6 – See how we did it

Now you can take a look at our full example to see if there are any differences between our code and yours, you can find it in the examples repo you cloned in the previous tutorial. It’s always a good idea to check you have the most up-to-date version of our examples, so, first, open a terminal and navigate to $GOPATH/src/github.com/Reconfigureio/examples and run:

git describe --tags

If you have a version other than v0.5.1, please run

git fetch
git checkout v0.5.1

Here’s the host code with the missing sections highlighted:

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  package main

  import (
    "encoding/binary"
    "fmt"
    "github.com/ReconfigureIO/sdaccel/xcl"
    "os"
  )

  func main() {
    // Allocate a world for interacting with the FPGA
    world := xcl.NewWorld()
    defer world.Release()

    // Import the compiled code that will be loaded onto the FPGA (referred to here as a kernel)
    // Right now these two idenitifers are hard coded as an output from the build process
    krnl := world.Import("kernel_test").GetKernel("reconfigure_io_sdaccel_builder_stub_0_1")
    defer krnl.Release()

    // Allocate space in shared memory for the FPGA to store the result of the computation
    // The output is a uint32, so we need 4 bytes to store it
    buff := world.Malloc(xcl.WriteOnly, 4)
    defer buff.Free()

    // Pass the arguments to the kernel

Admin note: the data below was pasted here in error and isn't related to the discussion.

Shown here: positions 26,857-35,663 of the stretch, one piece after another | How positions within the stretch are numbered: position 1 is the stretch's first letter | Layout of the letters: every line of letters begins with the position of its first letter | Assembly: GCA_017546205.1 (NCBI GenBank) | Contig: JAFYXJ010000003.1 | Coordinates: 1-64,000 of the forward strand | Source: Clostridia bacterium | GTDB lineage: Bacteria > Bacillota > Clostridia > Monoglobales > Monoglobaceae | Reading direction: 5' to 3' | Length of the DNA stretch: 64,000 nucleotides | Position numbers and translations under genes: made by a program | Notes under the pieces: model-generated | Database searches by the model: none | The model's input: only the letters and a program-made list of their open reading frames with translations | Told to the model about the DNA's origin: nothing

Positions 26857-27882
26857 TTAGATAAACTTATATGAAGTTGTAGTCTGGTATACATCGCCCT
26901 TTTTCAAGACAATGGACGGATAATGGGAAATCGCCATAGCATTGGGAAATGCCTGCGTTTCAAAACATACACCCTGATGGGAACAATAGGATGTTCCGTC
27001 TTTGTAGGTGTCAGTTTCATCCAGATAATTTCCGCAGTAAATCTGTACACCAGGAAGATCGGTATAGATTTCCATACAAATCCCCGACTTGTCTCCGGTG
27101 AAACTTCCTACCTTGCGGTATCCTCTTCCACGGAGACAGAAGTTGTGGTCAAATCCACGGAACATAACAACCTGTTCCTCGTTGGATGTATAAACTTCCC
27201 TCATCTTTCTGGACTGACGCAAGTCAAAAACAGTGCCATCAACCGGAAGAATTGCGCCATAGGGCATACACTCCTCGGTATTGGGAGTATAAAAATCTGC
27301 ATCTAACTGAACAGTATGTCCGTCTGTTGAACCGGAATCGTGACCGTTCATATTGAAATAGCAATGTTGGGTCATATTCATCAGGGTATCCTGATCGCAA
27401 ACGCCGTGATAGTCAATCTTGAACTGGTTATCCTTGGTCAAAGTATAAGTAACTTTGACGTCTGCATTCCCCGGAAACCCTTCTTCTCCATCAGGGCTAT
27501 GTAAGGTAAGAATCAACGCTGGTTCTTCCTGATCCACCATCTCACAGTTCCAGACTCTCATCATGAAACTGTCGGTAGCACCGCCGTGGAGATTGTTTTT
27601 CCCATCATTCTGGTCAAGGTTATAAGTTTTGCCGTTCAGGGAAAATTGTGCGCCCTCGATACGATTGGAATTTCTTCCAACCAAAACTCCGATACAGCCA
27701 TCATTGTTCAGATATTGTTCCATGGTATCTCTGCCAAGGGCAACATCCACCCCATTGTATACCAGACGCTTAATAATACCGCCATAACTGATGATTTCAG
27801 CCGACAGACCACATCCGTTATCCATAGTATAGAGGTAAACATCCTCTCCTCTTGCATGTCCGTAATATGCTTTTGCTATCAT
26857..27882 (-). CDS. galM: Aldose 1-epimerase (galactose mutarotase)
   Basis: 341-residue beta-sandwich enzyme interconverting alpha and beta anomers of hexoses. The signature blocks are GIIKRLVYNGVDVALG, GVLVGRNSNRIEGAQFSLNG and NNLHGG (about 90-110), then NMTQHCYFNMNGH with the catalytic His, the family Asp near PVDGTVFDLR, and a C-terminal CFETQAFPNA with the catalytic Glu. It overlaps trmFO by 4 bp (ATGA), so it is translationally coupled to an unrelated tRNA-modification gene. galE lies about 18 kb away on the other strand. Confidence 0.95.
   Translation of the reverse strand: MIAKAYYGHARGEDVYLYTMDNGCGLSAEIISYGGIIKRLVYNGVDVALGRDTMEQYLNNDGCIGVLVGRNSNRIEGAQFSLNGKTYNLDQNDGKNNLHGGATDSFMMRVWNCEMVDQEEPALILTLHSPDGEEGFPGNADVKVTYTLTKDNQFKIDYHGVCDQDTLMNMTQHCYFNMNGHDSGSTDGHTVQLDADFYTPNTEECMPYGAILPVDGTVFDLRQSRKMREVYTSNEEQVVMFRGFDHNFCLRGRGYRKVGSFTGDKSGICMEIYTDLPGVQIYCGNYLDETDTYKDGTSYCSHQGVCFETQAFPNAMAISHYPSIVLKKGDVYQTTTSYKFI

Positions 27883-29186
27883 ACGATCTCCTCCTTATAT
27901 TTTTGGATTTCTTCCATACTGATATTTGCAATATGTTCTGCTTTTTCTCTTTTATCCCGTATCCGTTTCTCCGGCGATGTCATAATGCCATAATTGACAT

// Set the first operand to 1
    krnl.SetArg(0, 1)
    // Set the second operand to 2
    krnl.SetArg(1, 2)
    // Set the pointer to the result address in shared memory
    krnl.SetMemoryArg(2, buff)

    // Run the FPGA with the supplied arguments. This is the same for all projects.
    // The arguments ``(1, 1, 1)`` relate to x, y, z co-ordinates and correspond to our current
    // underlying technology.
    krnl.Run(1, 1, 1)

    // Create a variable for the result from the FPGA and read the result into it.
    // We have also set an error condition to tell us if the read fails.
    var ret uint32
    err := binary.Read(buff.Reader(), binary.LittleEndian, &ret)
    if err != nil {
      fmt.Println("binary.Read failed:", err)
    }

    // Print the value we got from the FPGA
    fmt.Printf("%d\n", ret)

    // Check the result is correct and if not, return an error
    if ret != 3 {
      os.Exit(1)
    }
  }

And here’s the FPGA code:

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 package main

 import (
 //  Import the entire framework for interracting with SDAccel from Go (including bundled verilog)
 _ "github.com/ReconfigureIO/sdaccel"

 // Use the SMI protocol package
       "github.com/ReconfigureIO/sdaccel/smi"
 )

 // function to add two uint32s
 func Add(a uint32, b uint32) uint32 {
 return a + b
 }

 func Top(
 // The first set of arguments to this function can be any number
 // of Go primitive types and can be provided via `SetArg` on the host.

 // For this example, we have 3 arguments: two operands to add
 // together and an address in shared memory where the FPGA will
 // store the output.
 a uint32,
 b uint32,
 addr uintptr,

 // Set up channel to write result to shared memory
     writeReq chan<- smi.Flit64,
     writeResp <-chan smi.Flit64) {

 // Add the two input integers together
 val := Add(a, b)

 // Write the result of the addition to the shared memory address provided by the host
 smi.WriteUInt32(
             writeReq, writeResp, addr, smi.DefaultOptions, val)
 }

What’s next?

Now you’ve had a go at writing some code for yourself, let’s move on to our third tutorial to look in more detail at how we share data between the host CPU and FPGA, and we’ll build on a project template to create another simple program.